Without clearly defining a task, work can be completed below or above expectation. In both instances, resources are ineffectively used.

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Effectively assigning tasks to Direct Reports is a challenge for Managers at any level. The goal is to ensure that the two people participating share the exact expectations on the end state and the path to get there.

Remember, the intent is for the Manager to set up the Direct Report for success – the completion of the task to expectation. The onus is always on the Manager to ensure there is clarity around expectations.

Here’s how you do it. First, align the work, then follow the steps in the world’s worst acronym, CPQQTRD.

Alignment before Assignment

This is the work of the Manager prior to the task assignment. Before assigning, the Manager must understand the nature of the work and how it fits in the work of her team.

  • What is particular about this work?
  • To whom should I assign this work?
  • What will he need from me, from the team, from the organization?
  • What are the characteristics of the end state?



Here, the Manager describes the “world” in which this task must be completed. It’s the “big picture” description. Clarity on context provides the Direct Report with a perspective that allows him to make better decisions around this task.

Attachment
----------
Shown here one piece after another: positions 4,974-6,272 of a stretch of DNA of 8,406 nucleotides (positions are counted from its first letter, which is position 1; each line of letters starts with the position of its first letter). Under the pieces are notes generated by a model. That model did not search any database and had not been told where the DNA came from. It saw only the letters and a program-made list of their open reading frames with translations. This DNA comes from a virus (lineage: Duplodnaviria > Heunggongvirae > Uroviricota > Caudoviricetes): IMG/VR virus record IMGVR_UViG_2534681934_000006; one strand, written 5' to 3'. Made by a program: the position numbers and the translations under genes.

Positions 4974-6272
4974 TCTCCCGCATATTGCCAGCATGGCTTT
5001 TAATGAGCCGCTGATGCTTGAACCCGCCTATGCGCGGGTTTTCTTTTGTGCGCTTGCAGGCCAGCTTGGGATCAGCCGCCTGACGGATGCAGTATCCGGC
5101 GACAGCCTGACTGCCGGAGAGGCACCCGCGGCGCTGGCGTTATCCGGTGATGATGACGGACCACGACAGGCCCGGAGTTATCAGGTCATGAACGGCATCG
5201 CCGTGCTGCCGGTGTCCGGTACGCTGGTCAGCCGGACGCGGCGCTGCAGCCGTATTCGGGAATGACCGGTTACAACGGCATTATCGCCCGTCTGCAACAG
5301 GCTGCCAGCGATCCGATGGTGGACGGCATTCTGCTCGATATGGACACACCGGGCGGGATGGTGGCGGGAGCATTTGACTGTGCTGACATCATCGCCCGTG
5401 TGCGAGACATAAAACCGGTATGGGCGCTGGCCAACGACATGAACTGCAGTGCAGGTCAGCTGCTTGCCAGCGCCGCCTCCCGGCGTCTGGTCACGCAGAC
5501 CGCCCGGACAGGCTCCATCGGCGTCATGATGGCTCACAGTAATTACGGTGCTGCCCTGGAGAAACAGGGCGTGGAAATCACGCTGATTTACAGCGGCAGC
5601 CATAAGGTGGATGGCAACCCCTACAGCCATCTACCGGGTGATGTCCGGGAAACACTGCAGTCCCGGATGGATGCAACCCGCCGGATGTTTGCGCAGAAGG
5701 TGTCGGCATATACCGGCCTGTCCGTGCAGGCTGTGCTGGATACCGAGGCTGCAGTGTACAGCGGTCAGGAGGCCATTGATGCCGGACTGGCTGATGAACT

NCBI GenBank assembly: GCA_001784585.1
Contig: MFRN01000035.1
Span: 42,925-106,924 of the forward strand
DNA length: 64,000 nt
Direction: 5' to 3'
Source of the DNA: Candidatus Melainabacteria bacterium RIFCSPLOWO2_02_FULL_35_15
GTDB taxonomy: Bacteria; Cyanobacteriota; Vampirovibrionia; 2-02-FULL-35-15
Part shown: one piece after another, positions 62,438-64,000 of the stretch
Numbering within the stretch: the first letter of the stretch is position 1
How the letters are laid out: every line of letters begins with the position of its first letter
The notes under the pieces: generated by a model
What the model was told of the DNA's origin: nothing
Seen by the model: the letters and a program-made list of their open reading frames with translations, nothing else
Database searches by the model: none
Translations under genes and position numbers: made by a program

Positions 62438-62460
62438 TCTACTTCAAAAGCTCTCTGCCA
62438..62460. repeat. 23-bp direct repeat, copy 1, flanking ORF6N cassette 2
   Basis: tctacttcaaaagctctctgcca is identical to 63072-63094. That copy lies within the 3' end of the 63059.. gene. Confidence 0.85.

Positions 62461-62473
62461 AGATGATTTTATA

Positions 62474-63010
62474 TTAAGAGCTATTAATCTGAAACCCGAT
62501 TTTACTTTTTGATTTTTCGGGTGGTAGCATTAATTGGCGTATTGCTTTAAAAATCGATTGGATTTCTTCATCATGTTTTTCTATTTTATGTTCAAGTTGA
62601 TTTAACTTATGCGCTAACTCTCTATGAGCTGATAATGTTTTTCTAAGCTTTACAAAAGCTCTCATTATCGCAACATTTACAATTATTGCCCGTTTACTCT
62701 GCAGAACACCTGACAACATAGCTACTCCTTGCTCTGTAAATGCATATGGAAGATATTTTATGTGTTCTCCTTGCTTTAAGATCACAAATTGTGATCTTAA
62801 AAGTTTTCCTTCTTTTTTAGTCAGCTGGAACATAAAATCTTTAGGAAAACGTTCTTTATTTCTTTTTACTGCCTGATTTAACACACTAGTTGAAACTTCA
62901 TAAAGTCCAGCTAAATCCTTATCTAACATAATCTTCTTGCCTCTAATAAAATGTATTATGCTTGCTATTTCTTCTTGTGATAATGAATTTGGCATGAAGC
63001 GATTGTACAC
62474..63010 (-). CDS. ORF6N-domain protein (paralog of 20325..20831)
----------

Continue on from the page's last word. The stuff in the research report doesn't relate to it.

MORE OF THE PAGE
• Why is the task important? To the strategy? To me? To my Manager?
  • Where does it fit in to other work being done by my team and others?
  • With this specific task and with this specific Direct Report, what needs to be known in order to successfully accomplish the task?
  • What other things might affect this work?


This is where the Manager describes her intent.

  • What does the end state “look” like?
  • When the work is done, what does it need to do?


The Manager needs to be able to specify the exact quantities involved at the end state.

  • How much, of what, needs to be produced? E.g. Number of manufactured units, length of report to write, the weight of deliverable, etc.


The Manager needs to articulate to what standard the end state needs to conform. It is the specification of what “good” or “complete” means in this assignment. Quality is the most challenging part of CPQQTRD to describe because often “good” is subjective.

  • What exactly does “good” look like?
  • For a detailed description of the “Quality” in CPQQTRD, get your free copy of Forrest’s Quality Worksheet here.


The Manager must describe how time relates to the task. Avoid saying “as soon as you can” or “when you have time” unless you really don’t have a deadline; in which case, is it really a task?

  • When exactly does this task need to be complete?
  • How much time is allocated to complete the task?

Resources and Restrictions

The Manager adds value to task completion by providing the resources that the Direct Report needs to succeed, and by specifying any particular inflexible parameters on the work.

  • What are the things the Direct Report must have / may need to accomplish this task, and how am I, the Manager, going to provide them? E.g. IT support, budget, mailing lists, team member days, cross-functional authority


A task assignment is a two-way conversation.

  • The Direct Report is expected to provide his “Best Advice” – his perspective and input on the task.
  • The DR asks questions for clarity
  • The Manager asks questions to confirm understanding

Adapted from Ian Macdonald, Catherine Burke, Karl Stewart, Systems Leadership: Creating Positive Organisations, 2nd Ed, 2018

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